June 2014        

EU election shows up core-periphery divide

We have all heard the superficial analysis presented by the media and so-called political analysts who talk about an anti-establishment vote only in the sense of a vote for opposition parties against existing governments, and about a rise of the “extremes” throughout Europe—essentially equating a vote for the Communist Party of Greece with a vote for UKIP!
      But these analysts dare not delve deeper into the reasons why working people voted in the way they did and into the class politics of the parties they voted for.
      Working people throughout Europe voted against the establishment but voted in very different ways, reflecting the uneven development of capitalism in Europe and the core-periphery divide of the European Union.
      In Ireland, Sinn Féin (part of the progressive GUE/NGL group) received 23 per cent of first-preference votes in the EU elections, capturing a seat in each constituency, including the North. Add to this the progressive and EU-critical candidate Luke (Ming) Flanagan, who has championed the cause of national sovereignty from a rural workers’ standpoint, who topped the poll in Midlands North-West. Equally, the Ballyhea Says No independent Diarmuid O’Flynn did incredibly well in the South, achieving 40,000 first-preference votes and only narrowly missing a seat.
      In Spain the two leading parties, centre-right and social-democratic, saw their vote drastically reduced, with smaller, anti-austerity parties and movements picking up seats in the EU parliament, some of whom are likely to join the GUE/NGL group.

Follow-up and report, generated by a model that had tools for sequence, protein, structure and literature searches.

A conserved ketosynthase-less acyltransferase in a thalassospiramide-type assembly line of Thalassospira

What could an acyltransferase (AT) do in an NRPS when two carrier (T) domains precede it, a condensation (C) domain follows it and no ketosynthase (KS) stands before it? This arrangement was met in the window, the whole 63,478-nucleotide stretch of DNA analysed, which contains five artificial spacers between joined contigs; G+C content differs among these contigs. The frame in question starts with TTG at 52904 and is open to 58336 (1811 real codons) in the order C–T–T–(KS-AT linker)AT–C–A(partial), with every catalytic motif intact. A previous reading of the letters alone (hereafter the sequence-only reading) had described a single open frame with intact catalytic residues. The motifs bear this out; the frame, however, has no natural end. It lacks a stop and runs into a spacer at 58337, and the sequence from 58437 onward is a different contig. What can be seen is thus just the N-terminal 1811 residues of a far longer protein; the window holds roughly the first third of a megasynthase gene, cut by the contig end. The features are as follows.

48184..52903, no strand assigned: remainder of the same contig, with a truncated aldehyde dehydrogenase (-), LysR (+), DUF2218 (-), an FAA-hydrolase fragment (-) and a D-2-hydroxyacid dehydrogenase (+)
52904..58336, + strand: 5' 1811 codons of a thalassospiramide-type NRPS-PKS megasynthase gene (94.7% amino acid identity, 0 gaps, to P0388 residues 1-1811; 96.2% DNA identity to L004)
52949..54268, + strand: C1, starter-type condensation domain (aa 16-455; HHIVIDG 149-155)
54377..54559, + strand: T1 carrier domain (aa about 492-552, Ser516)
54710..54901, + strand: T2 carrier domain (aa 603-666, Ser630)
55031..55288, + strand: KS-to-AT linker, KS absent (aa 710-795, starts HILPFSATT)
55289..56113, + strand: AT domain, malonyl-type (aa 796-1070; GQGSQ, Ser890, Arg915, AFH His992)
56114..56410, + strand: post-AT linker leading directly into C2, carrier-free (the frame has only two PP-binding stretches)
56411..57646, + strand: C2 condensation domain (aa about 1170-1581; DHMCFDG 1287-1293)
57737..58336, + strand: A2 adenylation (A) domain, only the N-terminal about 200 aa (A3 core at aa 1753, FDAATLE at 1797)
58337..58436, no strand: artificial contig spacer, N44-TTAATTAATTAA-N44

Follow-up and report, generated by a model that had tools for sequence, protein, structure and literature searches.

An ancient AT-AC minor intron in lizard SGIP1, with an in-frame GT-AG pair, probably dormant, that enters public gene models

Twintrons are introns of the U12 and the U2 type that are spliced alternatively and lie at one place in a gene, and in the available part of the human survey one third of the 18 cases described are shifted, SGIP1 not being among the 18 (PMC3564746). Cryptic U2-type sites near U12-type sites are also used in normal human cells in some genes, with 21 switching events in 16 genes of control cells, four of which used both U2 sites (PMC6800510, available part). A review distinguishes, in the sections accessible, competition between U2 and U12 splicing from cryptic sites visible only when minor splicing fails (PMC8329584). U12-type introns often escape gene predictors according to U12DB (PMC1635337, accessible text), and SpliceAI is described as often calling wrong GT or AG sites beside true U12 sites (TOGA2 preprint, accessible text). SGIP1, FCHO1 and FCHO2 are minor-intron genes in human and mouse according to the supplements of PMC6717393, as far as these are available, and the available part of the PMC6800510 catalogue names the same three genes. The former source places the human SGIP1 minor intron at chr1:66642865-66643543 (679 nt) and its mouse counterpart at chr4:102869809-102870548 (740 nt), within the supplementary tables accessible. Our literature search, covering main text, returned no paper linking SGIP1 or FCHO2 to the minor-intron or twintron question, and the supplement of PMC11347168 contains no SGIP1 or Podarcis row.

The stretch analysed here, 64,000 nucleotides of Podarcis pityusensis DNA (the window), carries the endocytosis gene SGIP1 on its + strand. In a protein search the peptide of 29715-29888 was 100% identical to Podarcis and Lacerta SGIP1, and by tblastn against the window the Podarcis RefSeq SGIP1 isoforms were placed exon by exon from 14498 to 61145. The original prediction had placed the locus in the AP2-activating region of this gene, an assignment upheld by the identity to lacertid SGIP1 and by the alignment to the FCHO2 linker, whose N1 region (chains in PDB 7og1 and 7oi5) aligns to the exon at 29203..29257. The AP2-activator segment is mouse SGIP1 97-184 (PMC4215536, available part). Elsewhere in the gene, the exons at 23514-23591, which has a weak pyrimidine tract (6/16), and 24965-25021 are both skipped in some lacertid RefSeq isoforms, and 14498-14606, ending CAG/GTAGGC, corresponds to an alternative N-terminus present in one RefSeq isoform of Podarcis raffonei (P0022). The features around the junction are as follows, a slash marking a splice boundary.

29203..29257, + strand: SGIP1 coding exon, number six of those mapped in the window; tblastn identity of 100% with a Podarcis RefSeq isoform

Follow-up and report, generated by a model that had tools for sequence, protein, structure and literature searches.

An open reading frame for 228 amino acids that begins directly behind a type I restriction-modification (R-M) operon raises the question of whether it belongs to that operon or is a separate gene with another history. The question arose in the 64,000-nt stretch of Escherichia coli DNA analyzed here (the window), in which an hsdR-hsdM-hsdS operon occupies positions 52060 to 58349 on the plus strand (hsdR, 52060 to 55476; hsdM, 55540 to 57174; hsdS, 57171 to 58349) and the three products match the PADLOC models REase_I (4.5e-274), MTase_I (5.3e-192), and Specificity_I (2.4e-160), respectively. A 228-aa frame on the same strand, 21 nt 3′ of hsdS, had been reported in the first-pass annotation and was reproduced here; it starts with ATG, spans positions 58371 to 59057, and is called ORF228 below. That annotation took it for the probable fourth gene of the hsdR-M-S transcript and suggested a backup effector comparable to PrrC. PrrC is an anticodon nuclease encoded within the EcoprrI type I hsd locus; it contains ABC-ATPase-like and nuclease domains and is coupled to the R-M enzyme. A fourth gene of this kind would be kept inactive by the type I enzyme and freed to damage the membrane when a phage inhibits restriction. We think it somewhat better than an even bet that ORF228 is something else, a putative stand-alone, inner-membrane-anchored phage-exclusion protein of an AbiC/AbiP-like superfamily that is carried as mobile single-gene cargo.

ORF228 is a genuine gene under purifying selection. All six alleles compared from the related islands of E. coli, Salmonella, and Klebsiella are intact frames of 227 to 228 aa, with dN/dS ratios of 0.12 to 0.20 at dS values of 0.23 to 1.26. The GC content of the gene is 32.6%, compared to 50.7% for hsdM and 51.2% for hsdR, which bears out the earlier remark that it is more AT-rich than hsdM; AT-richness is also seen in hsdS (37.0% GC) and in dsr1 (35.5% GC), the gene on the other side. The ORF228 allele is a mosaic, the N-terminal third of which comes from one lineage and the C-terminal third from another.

In Greece the “anti-establishment” vote did not go en masse to the fascist Golden Dawn, which received 9 per cent of the vote and three seats, but went to Syriza, with 26 per cent and six seats, and the Communist Party, with 6 per cent of the vote and two seats. Likewise in Portugal, the patriotic broad-left alliance CDU received 12 per cent of the vote, winning three seats.
      This compares with the 27 per cent (24 seats) received by UKIP in Britain, the 24 seats won by the Front Natonal in France, and the 7 seats won by the right-wing Alternative für Deutschland (Alternative for Germany).
      Clearly, the frustrations and anger of working people in Europe have been captured differently in the periphery and in the core. Those countries most subject to the diktats of the Troika, and whose economies are most subject to the needs of the core, have returned progressive EU-critical candidates, whereas those core countries, such as Germany, France, and Britain, that shape the EU and its direction and who flood the periphery with their surplus capital, distorting their economies, returned narrow-nationalist far-right parties alongside the pro-EU parties.
      This, of course, is nothing new. As Georgi Dimitrov put it, “fascism is the open terrorist dictatorship of the most reactionary, most chauvinist and most imperialist elements of finance capital.” Fascism is once again being used by core imperialist countries in Europe to stave off the threat of socialism and the progressive mobilisation of working-class people.
      These recent elections appear not only to confirm the uneven development of capital in Europe and the political reflection of this but also that progress for working people will come from the struggle in the weakest link of imperialism—the peripheral countries—and their peoples’ struggle for national democracy and sovereignty, in opposition to the increased control of corporate Europe and big business.

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